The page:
QUESTION: There’s a recent disagreement amongst the five parties about discontinuing fuel aid to North Korea. You guys said that you wouldn't send any more. Russia is saying it will. South Korea says it’s up to each party. Were you guys actually – did you guys consult with them?

MR. WOOD: We’ve talked to the other four parties about this issue, and I think, you know, in the absence of an approved verification protocol it’s going to be hard to go forward with future, you know, fuel shipments. So there’s no – certainly with regard to the South Korean Government, we’re in sync in terms of that.

QUESTION: But with Russia?

MR. WOOD: Well, with Russia as well. I think there’s, you know, a general understanding that, you know, it’s going to be hard for the parties to move forward in, you know, meeting those commitments to the North if it doesn't meet its commitments. And so again, without a verification protocol, we don’t see how you’re going to be able to go forward and provide these – how we’re going to be able to go forward and provide these shipments.

QUESTION: So the five parties didn’t actually agree to not continue the --

MR. WOOD: Well, I’m saying this is – there’s a basic understanding that the North knows what it needs to do. It didn’t agree to this verification protocol and all of the others did, and you know, the talks are at an impasse. And if we are at this impasse, it’s going to be hard to see how we can go forward with shipments until this impasse is broken.

Sir.

QUESTION: Yeah, just a follow-up on that.

MR. WOOD: Mm-hmm.

QUESTION: When Sean talked about it last week, he said pretty clearly that there was an agreement, that the five parties had agreed to this. But it’s – it doesn't seem like that is the case. I mean, it’s what you hope and it’s what you wish, but it doesn't seem like there’s an actual agreement amongst the five parties. Is there a misunderstanding?

MR. WOOD: Well, if you’re talking about a formal written agreement, no. But there’s certainly an understanding that came out of the discussions that, in the absence of this – you know, this verification protocol, it’s inconceivable to see that people would go forward in fulfilling these fuel shipments. This is – again, we’re in a process of action-for-action, and we want to see the North – we want to see the North approve this verification protocol. All the other parties did. And again, the North did as well; however, it just wouldn't put this in writing. And we want to see the North do that.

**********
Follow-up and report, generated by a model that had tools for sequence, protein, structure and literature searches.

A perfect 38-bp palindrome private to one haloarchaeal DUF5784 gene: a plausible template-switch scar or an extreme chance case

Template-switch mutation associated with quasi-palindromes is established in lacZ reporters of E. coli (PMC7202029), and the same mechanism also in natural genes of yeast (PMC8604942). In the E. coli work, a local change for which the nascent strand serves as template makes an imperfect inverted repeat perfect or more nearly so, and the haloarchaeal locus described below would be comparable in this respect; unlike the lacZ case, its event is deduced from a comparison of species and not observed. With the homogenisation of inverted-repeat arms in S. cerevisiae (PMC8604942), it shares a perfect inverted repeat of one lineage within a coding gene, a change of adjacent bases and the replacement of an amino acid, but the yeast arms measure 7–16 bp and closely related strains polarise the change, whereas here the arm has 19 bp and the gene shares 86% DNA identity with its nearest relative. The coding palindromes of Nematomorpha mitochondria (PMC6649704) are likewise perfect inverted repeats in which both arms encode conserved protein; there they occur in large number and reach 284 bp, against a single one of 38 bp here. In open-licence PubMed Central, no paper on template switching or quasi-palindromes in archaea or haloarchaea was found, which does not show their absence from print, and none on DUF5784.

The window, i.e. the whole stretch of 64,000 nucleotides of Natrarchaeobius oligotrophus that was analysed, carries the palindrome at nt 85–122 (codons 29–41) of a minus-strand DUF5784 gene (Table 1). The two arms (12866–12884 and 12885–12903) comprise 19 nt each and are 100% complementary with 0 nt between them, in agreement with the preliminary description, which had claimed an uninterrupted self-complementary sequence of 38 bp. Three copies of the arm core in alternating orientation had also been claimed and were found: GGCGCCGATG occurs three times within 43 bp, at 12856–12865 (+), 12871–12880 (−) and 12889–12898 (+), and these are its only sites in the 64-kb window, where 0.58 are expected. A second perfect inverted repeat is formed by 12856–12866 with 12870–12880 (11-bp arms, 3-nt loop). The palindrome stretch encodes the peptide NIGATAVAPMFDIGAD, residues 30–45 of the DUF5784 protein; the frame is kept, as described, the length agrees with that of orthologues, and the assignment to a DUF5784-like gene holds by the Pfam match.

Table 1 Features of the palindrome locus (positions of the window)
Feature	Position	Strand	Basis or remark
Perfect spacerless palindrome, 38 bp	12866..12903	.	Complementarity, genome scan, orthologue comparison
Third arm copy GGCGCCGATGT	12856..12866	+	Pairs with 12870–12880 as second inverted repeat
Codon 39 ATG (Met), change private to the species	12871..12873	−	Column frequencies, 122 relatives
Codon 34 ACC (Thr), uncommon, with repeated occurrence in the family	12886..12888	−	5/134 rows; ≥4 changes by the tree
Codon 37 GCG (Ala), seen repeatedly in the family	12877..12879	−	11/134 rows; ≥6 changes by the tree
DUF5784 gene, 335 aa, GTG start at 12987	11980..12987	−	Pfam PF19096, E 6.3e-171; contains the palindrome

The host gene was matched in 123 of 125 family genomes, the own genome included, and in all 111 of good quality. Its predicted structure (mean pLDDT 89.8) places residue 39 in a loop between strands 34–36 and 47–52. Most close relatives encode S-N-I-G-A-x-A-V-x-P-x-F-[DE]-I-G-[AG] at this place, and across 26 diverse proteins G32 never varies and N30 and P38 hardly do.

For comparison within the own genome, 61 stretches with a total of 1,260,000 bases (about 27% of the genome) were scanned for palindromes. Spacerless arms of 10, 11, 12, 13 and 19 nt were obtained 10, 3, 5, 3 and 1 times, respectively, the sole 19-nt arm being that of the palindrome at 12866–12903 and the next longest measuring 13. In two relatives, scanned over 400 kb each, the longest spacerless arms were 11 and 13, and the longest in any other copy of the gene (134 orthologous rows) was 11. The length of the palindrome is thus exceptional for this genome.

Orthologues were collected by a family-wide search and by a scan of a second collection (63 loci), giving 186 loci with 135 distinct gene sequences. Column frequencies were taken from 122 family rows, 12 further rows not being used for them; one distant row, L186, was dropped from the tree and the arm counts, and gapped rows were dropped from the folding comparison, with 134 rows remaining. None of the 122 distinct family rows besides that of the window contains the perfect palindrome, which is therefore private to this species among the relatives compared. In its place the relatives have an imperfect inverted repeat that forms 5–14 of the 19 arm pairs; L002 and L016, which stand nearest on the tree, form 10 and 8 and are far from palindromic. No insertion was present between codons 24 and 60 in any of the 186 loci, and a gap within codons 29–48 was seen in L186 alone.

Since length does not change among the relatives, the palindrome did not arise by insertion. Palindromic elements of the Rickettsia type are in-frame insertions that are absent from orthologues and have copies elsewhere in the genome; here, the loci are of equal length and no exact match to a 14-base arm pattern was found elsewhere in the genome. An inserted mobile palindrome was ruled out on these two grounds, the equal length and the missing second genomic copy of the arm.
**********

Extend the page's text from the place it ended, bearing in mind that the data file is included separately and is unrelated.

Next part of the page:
QUESTION: It’s inconceivable from all five parties members, or just the U.S. --

MR. WOOD: Well, I don’t want to speak for every individual party, but as I said, I think there’s an understanding amongst the five parties that, in the absence of that verification protocol, it’s going to be hard to go forward with fuel shipments.

QUESTION: New topic?

QUESTION: One more follow-up?

MR. WOOD: Please.

QUESTION: Are you concerned, given that you’re stopping that action of fuel delivery, that the North Koreans may stop the remaining disablement steps?

MR. WOOD: Well, I’m not going to speculate about what the North may or may not do. But so far as everything – as far as I know, disablement is continuing.

Any more on North Korea? Okay, go ahead.

QUESTION: The incident that happened yesterday in the Iraq press conference, do you guys see it as a gesture against Bush or as a gesture against the U.S. in general?

MR. WOOD: Well, I have no way of knowing what the actual motivation of this individual was, who was obviously trying to get attention for himself. But I think if you look at what we have done over the last several years with regard to improving the security situation in Iraq, in terms of helping Iraq along the path to democracy – I mean, look at how President Bush was received overall by Prime Minister Maliki and others in the Iraqi Government – I think it says a lot. And so that’s one incident, but – and one individual’s views. But if you look at the direction that we’re heading in Iraq right now, it’s in a very, very positive direction, and we hope to see that continue.

QUESTION: So you don’t see it as a larger trend, as a rejection to the U.S.?

MR. WOOD: I don’t at all.

Lambros.